I had never had oysters so he insisted we go to a tiny little oyster bar down on the docks. When we walked in the smell of salt and ice filled my nose as he gently took my hand and lead me across the dimly lit bar. We sat at the bar between two burly fishermen just in from their day. Growing up in a fishing town, in a fishing family, this place felt oddly like home. The sounds. The smells. All coupled with a man I couldn’t take my eyes off of.

We sat bellied up to the bar, eating oysters and drinking beer, for hours. We talked about where we were in our lives. What our hopes were. What had brought us to this point. Conversation came so easy and smooth, as he sat there with his hand on my thigh the entire time. At one point I had explained to him about my rocky sexual past. The rape and molestation, and my inability to form valid physical relationships. I was afraid I was falling into a trend of only wanting to have sex with men instead of getting to know them and forming something meaningful. He took both my hands into his, looked me in the eyes, and said, “Let’s not let you slip away like that. No sex. Not tonight. I promise.”

Shortly thereafter we left the comfort of the salty smell and burly fishermen, and he drove me home. He walked me to my door, and I asked him to come inside. Our date continued as we sat on the couch and talked until we could barely keep our eyes open. I invited him to stay until morning. I felt secure in his words about not having sex, and I wanted to experience what it truly meant to sleep next to someone with no expectations. As we laid in bed, limbs entwined, he pressed his body against mine and kissed me gently. Every ounce of me wanted to rub my body against his, pull his clothes off, and feel him inside me. But he had already said “not tonight”. So we didn’t. We simply rubbed gently against each other and fell asleep.

The next morning he kissed my lips as he walked out the door saying he would call me later.

He never called.

When I saw him a few weeks later at LL Bean he pretended he had no idea who I was. He was polite, but still would not acknowledge that he had ever even laid eyes on me before. I was upset, as most people would be. I had felt something I thought was sincere. Something I didn’t know existed. I was suddenly left standing there wondering if it had all been a dream. I often went back to the oyster bar on the docks, looking for that same comfort I had felt that night. I went there with different men, my roommates, and even by myself. The salty air and the burly fishermen were all still there is the dim lights, but the comfort was not. I’m not sure why, but it took me a long time to get past the feeling of lost hope from that night.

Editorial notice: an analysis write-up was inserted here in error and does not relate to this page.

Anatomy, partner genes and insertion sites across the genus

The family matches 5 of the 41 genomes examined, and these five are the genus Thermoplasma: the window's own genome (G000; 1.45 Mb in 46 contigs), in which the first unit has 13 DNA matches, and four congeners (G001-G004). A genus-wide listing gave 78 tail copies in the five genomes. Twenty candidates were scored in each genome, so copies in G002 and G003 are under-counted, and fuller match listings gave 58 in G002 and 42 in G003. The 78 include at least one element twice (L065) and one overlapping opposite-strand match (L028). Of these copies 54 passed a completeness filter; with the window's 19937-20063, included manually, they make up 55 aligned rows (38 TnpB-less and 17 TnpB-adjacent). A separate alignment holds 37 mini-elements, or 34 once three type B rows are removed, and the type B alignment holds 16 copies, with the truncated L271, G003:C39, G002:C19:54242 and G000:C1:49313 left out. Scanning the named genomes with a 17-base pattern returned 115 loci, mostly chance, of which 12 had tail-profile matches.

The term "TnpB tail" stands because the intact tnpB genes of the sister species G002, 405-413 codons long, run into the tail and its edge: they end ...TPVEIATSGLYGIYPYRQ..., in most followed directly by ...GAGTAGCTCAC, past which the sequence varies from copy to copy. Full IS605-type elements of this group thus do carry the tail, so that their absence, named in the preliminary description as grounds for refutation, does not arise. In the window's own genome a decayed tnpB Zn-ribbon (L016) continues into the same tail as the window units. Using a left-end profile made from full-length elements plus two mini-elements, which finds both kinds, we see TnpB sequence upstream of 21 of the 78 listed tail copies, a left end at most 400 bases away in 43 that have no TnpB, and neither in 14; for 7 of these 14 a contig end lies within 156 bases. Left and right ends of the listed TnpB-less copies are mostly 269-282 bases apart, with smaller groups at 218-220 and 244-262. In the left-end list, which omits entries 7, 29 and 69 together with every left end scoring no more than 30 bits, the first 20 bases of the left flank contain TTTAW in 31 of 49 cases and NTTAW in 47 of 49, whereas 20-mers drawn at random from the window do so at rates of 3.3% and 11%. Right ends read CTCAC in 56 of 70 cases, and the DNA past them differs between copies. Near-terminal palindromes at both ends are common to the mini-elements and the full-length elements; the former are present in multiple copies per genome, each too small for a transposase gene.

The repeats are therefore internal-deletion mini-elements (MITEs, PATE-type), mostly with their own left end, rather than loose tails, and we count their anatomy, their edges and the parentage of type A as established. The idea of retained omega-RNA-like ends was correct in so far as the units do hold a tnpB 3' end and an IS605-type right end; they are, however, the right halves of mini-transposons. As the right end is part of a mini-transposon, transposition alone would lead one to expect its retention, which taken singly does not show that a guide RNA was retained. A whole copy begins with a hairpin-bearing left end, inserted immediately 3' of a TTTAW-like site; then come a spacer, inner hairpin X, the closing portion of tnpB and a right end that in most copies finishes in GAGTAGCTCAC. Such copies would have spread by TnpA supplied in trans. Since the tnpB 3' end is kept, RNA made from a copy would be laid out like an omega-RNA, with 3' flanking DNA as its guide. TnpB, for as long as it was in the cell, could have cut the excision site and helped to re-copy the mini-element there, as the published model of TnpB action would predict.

I’m past it now, but there are times I look back and wonder what happened. So smooth and cunning. Easy going and handsome. I’ve never met a man like him since. Not one to that level of comfort I felt anyway. Perhaps it’s from the walls I built up after, or the hardening from military service. Now, however, I’m working on knocking down those walls. I’m working on finding that comfort with someone. I’ve learned it’s not the sex, or the lack there of, it’s the ability to let people in. The ability to be confident enough in yourself to open up without being afraid of the hurt that may follow. We are all our own fortresses, and we guard ourselves well. However, every now and then we have to let someone in because living in a fortress by ourselves can be very lonely. Life is, after all, better spent with love.

America’s Favorite Pastime

Baseball, America’s favorite pastime. It’s the smell of the leather, the slap of the ball, and the crack of the bat. It’s the taste of the franks and the smell of the clay. We all remember ball games as kids. Either we were playing as kids as we watched the clouds float by, making daisy chains in the outfield, or watched our parents play as our dads drank beer and our mothers served cocktails in the dugout. Whatever the experience you had as a kid, baseball usually had a roll in it somewhere. Maybe you got hit in the nose repetitively like I did, or couldn’t hit the ball to save your life also like me. It doesn’t matter what your experience was, baseball is America’s favorite pastime.